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So generally, if you have two functions f,g: X -->Y, and if there is some binary operation + defined on Y, then f + g has a canonical definition as the function x --> f(x) + g(x).

What's the best way to implement this in Mathematica?

f[x_] := x^2
g[x_] := 2*x
h = f + g;


(f + g)[1]

as an output

of course,

H = Function[z, f[z] + g[z]];

Yields '3'.

share|improve this question
Fair enough, done. – nick maxwell Oct 26 '11 at 2:32
Thank you, and +1 (By the way, it is better not to sign your messages, as this is redundant, being that your identity block it below every question or answer.) – Mr.Wizard Oct 26 '11 at 2:36


In[1]:= Through[(f + g)[1]]

Out[1]= f[1] + g[1]

To elaborate, you can define h like this:

h = Through[ (f + g)[#] ] &;

If you have a limited number of functions and operands, then UpSet as recommended by yoda is surely syntactically cleaner. However, Through is more general. Without any new definitions involving Times or h, one can easily do:

i = Through[ (h * f * g)[#] ] &
share|improve this answer
Thanks for the Through function; I did not know about that! – abcd Oct 25 '11 at 22:52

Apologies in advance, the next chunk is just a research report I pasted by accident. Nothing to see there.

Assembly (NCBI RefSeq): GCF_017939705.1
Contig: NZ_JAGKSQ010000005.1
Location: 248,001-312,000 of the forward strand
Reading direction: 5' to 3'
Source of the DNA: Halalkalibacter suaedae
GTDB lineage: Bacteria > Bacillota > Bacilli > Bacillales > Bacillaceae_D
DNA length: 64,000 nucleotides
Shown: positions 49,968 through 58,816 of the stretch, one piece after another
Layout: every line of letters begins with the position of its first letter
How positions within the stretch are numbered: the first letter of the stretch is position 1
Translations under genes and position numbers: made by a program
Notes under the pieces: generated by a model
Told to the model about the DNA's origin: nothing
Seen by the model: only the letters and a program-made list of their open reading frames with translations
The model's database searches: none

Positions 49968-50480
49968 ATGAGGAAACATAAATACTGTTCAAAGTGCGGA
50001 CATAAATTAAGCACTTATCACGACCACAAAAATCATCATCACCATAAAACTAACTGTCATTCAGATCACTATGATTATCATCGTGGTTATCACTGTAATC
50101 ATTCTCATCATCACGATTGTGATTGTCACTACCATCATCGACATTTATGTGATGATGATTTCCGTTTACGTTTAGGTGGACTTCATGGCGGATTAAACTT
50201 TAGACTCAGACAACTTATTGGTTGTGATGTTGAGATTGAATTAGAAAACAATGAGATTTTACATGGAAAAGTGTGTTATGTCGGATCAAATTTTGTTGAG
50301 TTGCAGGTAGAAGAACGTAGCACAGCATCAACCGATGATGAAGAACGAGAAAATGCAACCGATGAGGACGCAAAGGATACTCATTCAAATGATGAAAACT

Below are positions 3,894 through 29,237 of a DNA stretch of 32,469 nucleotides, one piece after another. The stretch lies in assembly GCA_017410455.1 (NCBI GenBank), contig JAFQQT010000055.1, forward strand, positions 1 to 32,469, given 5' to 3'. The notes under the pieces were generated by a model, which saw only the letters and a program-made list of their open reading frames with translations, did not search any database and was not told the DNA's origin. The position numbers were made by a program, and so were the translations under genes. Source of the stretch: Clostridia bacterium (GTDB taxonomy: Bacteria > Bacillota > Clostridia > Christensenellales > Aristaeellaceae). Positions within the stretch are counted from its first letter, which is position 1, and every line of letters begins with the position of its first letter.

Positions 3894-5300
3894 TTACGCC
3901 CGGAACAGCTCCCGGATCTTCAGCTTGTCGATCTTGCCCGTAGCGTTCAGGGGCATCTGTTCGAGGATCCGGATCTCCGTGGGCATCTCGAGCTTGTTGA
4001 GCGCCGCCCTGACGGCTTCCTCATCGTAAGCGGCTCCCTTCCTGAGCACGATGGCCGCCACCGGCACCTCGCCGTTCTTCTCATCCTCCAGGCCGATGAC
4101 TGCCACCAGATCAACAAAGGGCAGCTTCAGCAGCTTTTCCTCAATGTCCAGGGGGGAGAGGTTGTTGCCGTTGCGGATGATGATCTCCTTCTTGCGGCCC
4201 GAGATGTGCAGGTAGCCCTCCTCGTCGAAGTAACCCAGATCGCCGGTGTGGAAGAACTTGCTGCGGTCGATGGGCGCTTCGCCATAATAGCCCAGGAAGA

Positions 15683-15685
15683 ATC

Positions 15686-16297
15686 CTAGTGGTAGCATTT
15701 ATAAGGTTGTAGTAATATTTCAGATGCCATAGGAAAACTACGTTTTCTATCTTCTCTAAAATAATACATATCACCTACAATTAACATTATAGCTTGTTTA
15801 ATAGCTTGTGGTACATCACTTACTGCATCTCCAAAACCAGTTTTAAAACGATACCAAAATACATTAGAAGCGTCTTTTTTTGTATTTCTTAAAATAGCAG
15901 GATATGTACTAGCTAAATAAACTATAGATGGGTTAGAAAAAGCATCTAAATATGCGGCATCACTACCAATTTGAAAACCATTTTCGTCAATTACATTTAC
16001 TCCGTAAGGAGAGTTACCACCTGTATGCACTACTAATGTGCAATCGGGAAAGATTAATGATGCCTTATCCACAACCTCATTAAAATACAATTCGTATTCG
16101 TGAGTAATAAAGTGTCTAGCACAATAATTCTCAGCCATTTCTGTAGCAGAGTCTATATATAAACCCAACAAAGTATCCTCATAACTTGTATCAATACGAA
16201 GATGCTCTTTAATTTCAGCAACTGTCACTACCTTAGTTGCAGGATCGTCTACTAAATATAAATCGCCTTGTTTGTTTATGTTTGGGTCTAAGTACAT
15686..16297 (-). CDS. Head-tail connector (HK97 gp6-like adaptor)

Sweet, thanks. I'm writing a gram-schmidt function; it would be nice if it worked for generic objects posing as vectors, such as functions, lists, etc. I think probably the best thing to do is have as optional arguments, 'add' and 'scale', so that you can define what vector addition and scaling is, so the gramm-schmidt function would work on general objects. – nick maxwell Oct 25 '11 at 23:10
@ yoda, see previous comment: I'll have long lists of functions, which will be the projections of the next vector on to the spans of the previous, orthonormalized vectors. – nick maxwell Oct 25 '11 at 23:12
@nmaxwell, depending on your familiarity with Mathematica, you may find this informative: combine[{__funcs}, _operator] := Through[operator[funcs][#]] & -- you can use it like h = combine[{f,g}, Plus]. – Mr.Wizard Oct 25 '11 at 23:21
The package PushThrough of David Park uses Through to answer similar questions: – faysou Oct 26 '11 at 0:59

Another way of doing what you're trying to do is using UpSetDelayed.

f[x_] := x^2;
g[x_] := 2*x;

f + g ^:= f[#] + g[#] &; (*define upvalues for the operation f+g*)

h[x_] = f + g;


Out[1]= 2 z + z^2

Also see this very nice answer by rcollyer (and also the ones by Leonid & Verbeia) for more on UpValues and when to use them

share|improve this answer